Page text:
Tree banding time in the Queen City
Gregg Watkins
Tree Banding

It's time for that unique Charlotte fall tradition of wrapping trees to prevent insect damage.    

Sometimes called inch worms, cankerworms climb up trees in late fall, lay their eggs and wait. In the spring, when the leaves emerge, the newly hatched inchworms feast on the tender new leaves and Trees queens roaddrop to the ground to start the process over again.

They primarily target Charlotte's storied willow oak populations.

In the past, cankerworm populations on a single tree could be typically in the thousands for a tree. The pest has dramatically declined in recent years.   

For years, Charlotteans have placed bands around tree trunks in the fall to capture the females as they climb the trees.  Assistant City Arborist Laurie Reid Dukes says a single band on a tree went from capturing 2,000 to 9,000 insects down to just 10 or 12 in recent years.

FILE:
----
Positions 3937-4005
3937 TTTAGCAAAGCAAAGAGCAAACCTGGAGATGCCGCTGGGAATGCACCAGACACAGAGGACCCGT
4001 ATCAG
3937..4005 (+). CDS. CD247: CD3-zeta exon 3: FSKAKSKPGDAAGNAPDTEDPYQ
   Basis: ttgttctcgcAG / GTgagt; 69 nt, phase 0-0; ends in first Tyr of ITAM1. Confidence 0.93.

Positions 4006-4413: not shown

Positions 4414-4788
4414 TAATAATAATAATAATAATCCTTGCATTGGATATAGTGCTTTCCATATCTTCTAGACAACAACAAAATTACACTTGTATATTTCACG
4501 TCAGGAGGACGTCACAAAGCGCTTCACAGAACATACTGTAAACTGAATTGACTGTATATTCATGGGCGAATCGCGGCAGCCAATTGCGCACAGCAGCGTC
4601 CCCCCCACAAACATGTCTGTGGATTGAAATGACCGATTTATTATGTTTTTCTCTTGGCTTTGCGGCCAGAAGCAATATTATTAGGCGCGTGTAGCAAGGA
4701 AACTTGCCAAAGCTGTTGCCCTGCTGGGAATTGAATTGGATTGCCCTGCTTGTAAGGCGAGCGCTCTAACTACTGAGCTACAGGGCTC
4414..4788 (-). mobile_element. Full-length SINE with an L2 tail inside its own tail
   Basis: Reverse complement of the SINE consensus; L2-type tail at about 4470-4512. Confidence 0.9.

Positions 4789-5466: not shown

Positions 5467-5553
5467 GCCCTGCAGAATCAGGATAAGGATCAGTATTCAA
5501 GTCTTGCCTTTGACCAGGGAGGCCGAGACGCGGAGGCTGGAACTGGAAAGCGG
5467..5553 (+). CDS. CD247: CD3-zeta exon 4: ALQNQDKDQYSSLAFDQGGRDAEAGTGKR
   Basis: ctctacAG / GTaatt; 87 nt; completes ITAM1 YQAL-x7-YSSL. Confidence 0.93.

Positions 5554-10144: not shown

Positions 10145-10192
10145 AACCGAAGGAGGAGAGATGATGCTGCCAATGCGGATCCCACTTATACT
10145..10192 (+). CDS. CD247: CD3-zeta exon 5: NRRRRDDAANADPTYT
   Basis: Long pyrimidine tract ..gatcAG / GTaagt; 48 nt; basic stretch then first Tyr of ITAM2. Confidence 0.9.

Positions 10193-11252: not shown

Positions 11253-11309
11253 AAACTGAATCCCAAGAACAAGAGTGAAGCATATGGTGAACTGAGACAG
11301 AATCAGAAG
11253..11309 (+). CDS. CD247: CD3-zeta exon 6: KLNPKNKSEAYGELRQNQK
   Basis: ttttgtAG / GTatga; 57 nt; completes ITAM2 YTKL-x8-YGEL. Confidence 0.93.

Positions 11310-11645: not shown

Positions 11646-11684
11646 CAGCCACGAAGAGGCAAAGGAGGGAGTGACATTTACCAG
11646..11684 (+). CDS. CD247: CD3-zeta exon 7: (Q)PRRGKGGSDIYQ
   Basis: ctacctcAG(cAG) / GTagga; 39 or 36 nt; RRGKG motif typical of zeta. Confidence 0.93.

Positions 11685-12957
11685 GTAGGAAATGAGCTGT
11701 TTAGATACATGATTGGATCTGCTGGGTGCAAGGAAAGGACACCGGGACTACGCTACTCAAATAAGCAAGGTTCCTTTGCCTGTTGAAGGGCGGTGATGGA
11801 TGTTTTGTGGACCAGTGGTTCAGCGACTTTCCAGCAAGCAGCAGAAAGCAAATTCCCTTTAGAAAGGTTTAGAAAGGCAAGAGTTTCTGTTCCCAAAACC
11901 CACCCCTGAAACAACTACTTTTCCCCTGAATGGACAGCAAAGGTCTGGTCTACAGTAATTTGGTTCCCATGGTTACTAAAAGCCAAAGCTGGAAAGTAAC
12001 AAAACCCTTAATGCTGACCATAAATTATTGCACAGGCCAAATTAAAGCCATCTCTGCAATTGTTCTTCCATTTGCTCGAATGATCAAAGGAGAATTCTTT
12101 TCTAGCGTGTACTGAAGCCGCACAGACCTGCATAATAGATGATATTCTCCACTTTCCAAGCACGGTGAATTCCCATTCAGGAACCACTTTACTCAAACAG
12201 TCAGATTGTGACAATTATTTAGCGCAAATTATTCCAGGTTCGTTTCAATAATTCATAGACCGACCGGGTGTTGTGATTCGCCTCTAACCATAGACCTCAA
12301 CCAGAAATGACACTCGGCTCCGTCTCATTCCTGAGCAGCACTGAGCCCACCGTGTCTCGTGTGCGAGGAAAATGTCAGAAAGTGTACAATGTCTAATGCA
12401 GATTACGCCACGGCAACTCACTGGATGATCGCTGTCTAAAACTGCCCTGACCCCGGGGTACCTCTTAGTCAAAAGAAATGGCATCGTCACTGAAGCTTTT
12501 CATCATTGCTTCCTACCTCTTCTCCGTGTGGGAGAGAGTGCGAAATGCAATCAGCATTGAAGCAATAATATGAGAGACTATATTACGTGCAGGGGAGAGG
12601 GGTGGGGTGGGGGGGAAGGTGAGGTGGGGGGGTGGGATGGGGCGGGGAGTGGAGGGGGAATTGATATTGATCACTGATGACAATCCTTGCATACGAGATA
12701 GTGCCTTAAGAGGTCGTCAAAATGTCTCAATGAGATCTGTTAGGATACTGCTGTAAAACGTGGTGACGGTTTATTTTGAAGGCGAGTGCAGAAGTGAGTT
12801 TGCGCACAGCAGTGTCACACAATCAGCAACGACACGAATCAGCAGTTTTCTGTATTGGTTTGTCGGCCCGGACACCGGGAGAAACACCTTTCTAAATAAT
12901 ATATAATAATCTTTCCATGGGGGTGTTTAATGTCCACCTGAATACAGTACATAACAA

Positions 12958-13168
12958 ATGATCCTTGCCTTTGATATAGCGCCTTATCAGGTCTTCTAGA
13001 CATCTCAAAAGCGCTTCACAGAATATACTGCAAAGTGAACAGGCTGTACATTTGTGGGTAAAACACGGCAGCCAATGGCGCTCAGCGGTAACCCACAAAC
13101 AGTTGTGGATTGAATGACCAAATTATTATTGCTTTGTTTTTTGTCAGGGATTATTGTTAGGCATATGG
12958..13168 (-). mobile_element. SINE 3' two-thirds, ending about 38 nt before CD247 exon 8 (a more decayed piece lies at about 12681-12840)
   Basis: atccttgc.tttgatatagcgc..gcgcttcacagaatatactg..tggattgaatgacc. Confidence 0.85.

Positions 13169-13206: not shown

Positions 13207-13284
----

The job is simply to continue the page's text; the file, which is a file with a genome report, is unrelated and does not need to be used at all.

"No one really knows why," says Dukes.

Residents are being asked to become citizen scientists and help collect data on cankerworms. The city will gather the data and send it to Clemson University to analyze.

Steps include:

  • Measure your tree

  • Band your tree<

  • Choose how you'll enter your data

  • Start tracking

A step-by-step guide can be found at You can also watch this video to learn how to band your tree.

With your help, the city hopes to better understand the cankerworm population in Charlotte and potentially predict the next major infestation.